I try to accept their gifts of the moment, reminding myself that I am poor indeed if I can’t spent time
accepting the unconditional love offered me every day by my dogs.
On my left shoulder, death sits quietly, not a horrific figure but a source of wisdom on loving and giving. There is a cycle of love and death that shapes the lives of those who choose to travel in the company of dogs. It is a cycle unlike any other. To those who have lived through its turnings or walked its rocky path, our willingness to give our hearts with knowledge that they will be someday broken seems incomprehensible. Only we know how small a price we pay for what we receive; our grief, no matter how powerful it may be, is an insufficient measure of the joy we have been given. —Suzanne Clothier (Bones Would Rain From the Sky)
Bernard: floating, for a moment... on the power and purpose of unfettered joy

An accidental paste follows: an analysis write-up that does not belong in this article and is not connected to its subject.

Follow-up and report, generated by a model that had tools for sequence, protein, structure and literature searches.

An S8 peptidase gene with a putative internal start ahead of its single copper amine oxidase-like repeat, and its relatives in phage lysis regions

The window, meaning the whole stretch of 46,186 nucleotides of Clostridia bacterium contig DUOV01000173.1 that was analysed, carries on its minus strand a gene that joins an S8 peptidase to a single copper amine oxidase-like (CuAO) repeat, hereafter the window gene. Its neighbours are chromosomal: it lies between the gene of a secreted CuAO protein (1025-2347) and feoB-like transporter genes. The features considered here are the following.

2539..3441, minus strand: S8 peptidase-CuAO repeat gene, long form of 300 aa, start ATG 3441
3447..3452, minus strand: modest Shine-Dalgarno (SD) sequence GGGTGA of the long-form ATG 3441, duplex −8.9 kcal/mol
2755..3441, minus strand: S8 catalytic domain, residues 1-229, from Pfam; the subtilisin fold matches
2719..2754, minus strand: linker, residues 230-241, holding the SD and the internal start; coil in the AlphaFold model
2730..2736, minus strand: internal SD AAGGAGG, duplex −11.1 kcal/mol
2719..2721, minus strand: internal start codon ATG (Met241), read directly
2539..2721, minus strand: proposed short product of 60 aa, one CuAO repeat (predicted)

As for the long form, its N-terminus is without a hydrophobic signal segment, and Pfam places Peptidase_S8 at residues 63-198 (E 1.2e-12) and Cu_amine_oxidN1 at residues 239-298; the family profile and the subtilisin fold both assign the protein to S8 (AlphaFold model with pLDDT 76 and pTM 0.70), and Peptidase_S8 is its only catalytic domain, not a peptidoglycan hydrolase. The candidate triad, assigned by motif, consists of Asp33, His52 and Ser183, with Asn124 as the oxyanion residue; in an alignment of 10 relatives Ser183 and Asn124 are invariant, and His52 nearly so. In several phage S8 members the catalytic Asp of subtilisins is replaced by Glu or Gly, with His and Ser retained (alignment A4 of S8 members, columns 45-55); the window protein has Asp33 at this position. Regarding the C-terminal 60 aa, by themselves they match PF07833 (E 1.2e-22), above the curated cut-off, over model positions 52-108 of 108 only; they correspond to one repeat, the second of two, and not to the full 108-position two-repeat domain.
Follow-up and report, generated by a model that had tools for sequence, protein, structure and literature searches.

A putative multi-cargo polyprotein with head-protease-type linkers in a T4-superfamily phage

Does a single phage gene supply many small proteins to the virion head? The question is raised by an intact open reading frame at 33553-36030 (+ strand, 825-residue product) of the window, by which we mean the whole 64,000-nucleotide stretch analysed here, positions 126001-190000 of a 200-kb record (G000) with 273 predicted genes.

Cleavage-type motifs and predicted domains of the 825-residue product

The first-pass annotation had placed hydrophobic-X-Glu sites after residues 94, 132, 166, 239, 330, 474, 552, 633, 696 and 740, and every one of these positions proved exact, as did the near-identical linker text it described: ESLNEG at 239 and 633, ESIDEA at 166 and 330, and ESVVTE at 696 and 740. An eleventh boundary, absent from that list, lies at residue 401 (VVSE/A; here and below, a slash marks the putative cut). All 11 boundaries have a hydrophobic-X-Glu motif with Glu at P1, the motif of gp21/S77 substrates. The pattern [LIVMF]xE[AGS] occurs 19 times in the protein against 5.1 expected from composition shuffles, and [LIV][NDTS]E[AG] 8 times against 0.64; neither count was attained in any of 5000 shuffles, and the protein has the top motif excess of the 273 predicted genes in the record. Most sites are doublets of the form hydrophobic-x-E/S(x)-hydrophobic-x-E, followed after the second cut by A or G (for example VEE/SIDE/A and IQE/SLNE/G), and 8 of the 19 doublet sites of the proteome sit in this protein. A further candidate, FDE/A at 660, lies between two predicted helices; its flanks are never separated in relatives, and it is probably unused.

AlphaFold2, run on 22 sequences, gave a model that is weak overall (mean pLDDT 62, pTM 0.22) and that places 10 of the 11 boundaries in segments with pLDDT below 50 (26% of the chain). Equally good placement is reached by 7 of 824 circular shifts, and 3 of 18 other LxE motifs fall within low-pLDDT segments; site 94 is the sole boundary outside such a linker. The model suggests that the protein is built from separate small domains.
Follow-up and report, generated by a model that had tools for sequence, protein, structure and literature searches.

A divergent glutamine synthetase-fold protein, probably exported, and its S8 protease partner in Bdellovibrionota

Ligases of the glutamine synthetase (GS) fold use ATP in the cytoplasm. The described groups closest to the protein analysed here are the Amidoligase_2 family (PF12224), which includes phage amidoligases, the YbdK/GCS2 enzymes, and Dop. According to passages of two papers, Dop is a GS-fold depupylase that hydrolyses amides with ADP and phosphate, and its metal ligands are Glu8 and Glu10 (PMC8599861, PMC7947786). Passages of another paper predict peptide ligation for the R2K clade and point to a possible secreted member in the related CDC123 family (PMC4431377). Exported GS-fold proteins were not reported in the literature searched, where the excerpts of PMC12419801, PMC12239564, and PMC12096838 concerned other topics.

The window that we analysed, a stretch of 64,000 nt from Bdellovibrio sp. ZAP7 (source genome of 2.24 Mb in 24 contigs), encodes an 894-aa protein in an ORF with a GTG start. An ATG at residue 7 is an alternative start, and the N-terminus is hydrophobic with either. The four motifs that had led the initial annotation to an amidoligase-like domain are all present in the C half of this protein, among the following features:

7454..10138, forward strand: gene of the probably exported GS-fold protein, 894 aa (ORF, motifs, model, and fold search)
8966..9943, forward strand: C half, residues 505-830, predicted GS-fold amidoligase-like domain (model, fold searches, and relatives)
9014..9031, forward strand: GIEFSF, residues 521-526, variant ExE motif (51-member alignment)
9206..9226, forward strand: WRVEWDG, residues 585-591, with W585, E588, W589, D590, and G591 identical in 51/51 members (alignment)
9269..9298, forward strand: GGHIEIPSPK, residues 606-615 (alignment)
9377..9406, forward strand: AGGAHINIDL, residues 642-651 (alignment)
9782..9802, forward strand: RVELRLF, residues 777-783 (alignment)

You can brighten the long, lonely day of a needy dog:consider volunteering at a shelter. Your used but servicable linens, towels, bathmats, or cushions can provide comfort while he waits. Need help affording veterinary care? click HERE • Find low-cost spay neuter services: click HERE
Food & Safety Recalls/FDA Advisories for Dog Foods: click HERE
To think about: American taxpayers spend more than $1 billion annually to fund municipal animal shelters.
In those facilities, 14,000 animals are killed each day, often brutally: even in archaic gas chambers...
many within merely hours of their arrival: why are they called shelters?